Love's old, sweet (?) song

Gravel/Lombardo duo's dance collage; once more, with feeling 

Hang on -- lemme check out them tats. Photo: Daniel Paquet

In This Duet that We’ve Already Done (so many times), reprised last week at The Cultch,Montréal choreographer Frédérick Gravel stakes a credible claim to be the greatest dancecollagist since Henri Matisse. Together with co-star Brianna Lombardo, he’s pieced together an exuberant tableau entirely made up of unrelated musical and gestural scraps. 

Each snippet has its own vivid mood and texture. The ‘scenes’ are just slapped down, ragged-edged, one on top of the other, with no attempt at elision. Yet the whole 75-minute farrago miraculously – and touchingly – coheres in a dramatic arc from coy flirtation to a grand, self-immolating amour, only to ebb back into tentative, half-remembered nostalgia.

Along the way, composer/sound designer Stéphane Boucher buoys us with soupy show tunes or twangy cowboy ballads (sometimes voiced by Gravel himself), all interspersed with volleys of percussive, reverberant electronica. Gravel and Lombardo adjust their costumes from casual street dress to sweaty semi-undress and then back again; lighting designer Alexandre Pilon-Guay dials his spots down and back up, accordingly.

Like shy preschoolers, the dancers start out with ‘parallel play’ – each cuts some stiff, mannequin antics, which the other studiously ignores. After a few rounds, though, their indifference escalates into a stylized rivalry, a bit like a karate dojo

They grab each other by their topknots and fling about the stage. But then the music morphs from a grungy boogaloo into breathless bolero and, instead of vicious smack-downs, the dancers now pitch themselves into torrid clinches.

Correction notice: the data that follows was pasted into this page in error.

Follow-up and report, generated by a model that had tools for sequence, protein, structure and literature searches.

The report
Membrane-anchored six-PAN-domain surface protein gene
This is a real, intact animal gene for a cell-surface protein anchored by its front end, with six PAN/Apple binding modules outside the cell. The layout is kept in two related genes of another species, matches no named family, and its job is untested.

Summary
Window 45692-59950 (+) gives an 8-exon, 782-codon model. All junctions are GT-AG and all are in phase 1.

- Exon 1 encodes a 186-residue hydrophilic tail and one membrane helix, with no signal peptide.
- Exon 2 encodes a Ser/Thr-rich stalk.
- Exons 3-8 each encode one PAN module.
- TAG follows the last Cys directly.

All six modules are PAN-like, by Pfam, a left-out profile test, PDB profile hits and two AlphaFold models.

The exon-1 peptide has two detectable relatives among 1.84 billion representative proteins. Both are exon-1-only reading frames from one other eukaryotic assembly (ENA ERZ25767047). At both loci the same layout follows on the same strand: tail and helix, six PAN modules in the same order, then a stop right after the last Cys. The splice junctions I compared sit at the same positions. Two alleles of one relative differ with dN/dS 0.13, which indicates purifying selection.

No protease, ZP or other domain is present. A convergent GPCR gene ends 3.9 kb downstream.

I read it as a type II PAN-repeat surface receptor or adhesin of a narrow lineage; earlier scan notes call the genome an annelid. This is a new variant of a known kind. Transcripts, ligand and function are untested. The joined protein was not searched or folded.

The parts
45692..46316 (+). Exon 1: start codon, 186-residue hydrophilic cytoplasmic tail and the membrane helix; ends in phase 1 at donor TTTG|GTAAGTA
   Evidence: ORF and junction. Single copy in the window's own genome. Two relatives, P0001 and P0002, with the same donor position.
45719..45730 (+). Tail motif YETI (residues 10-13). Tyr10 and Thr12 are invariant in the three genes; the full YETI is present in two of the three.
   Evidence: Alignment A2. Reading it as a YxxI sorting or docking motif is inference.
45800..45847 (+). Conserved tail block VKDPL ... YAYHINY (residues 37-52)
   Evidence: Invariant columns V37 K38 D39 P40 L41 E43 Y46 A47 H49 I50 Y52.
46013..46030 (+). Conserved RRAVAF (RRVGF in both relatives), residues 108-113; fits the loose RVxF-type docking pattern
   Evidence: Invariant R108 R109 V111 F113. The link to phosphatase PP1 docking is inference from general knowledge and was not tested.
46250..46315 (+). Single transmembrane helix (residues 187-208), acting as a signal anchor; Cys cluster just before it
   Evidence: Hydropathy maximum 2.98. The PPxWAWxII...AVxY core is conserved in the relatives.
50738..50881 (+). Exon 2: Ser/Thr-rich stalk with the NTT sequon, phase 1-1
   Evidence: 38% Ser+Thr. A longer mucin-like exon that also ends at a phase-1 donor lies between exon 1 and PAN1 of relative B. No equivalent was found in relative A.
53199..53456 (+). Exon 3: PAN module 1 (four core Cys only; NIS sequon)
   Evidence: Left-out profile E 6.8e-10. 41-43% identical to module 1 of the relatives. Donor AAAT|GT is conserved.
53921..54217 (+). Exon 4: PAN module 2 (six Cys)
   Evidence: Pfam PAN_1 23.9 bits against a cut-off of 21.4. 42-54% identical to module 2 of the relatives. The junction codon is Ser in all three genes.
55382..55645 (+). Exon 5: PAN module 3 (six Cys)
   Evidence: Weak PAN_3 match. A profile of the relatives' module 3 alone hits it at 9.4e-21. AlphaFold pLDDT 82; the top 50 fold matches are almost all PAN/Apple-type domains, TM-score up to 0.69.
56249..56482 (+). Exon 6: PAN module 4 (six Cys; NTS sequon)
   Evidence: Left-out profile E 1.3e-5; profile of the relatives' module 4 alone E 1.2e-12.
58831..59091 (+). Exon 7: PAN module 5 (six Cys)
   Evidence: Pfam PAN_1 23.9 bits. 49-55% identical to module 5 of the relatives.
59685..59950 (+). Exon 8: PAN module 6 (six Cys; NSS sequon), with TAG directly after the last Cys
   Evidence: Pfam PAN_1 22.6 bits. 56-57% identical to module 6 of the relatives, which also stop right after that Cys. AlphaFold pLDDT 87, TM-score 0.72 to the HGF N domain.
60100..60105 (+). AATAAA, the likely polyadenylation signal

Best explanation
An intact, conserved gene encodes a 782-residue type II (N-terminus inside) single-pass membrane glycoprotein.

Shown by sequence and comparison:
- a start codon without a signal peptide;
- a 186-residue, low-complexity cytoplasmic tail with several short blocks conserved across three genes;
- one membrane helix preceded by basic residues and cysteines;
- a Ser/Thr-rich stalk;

That’s when the shirts come off and, under the dimmed lights, the duo launches into a series of achingly exquisite arabesques. Intertwined, cantilevered, he’s the prow and she the figurehead of some composite dreadnaught, braving billows of passion. Until they founder under the waves and sink into the subaqueous gloom of the spotlights – twitching, gently twitching, like seabed fronds.

When the lights come up again, they’re so disentangled that they hardly seem to even remember each other. Lombardo lies splayed on the stage, spent. Gravel casually perches on her prone form as though resting on a random scrap of beached flotsam. 

He gradually collects himself and resumes his halting mannequin moves. She looks on, head quizzically cocked as though lending a bemused ear to the seashell echo of some distant sea surf.

Sitting just a couple of rows up from the stage beside my bride of 40+ years, I could almost hear an echo of that echo myself. The final coda may have been drawn out about ten minutes too long, Ahloong and I agreed. But Gravel’s definitely onto something about the trajectory of grands amours. No matter how many times we’ve done that duet, it forever retains its piquancy.





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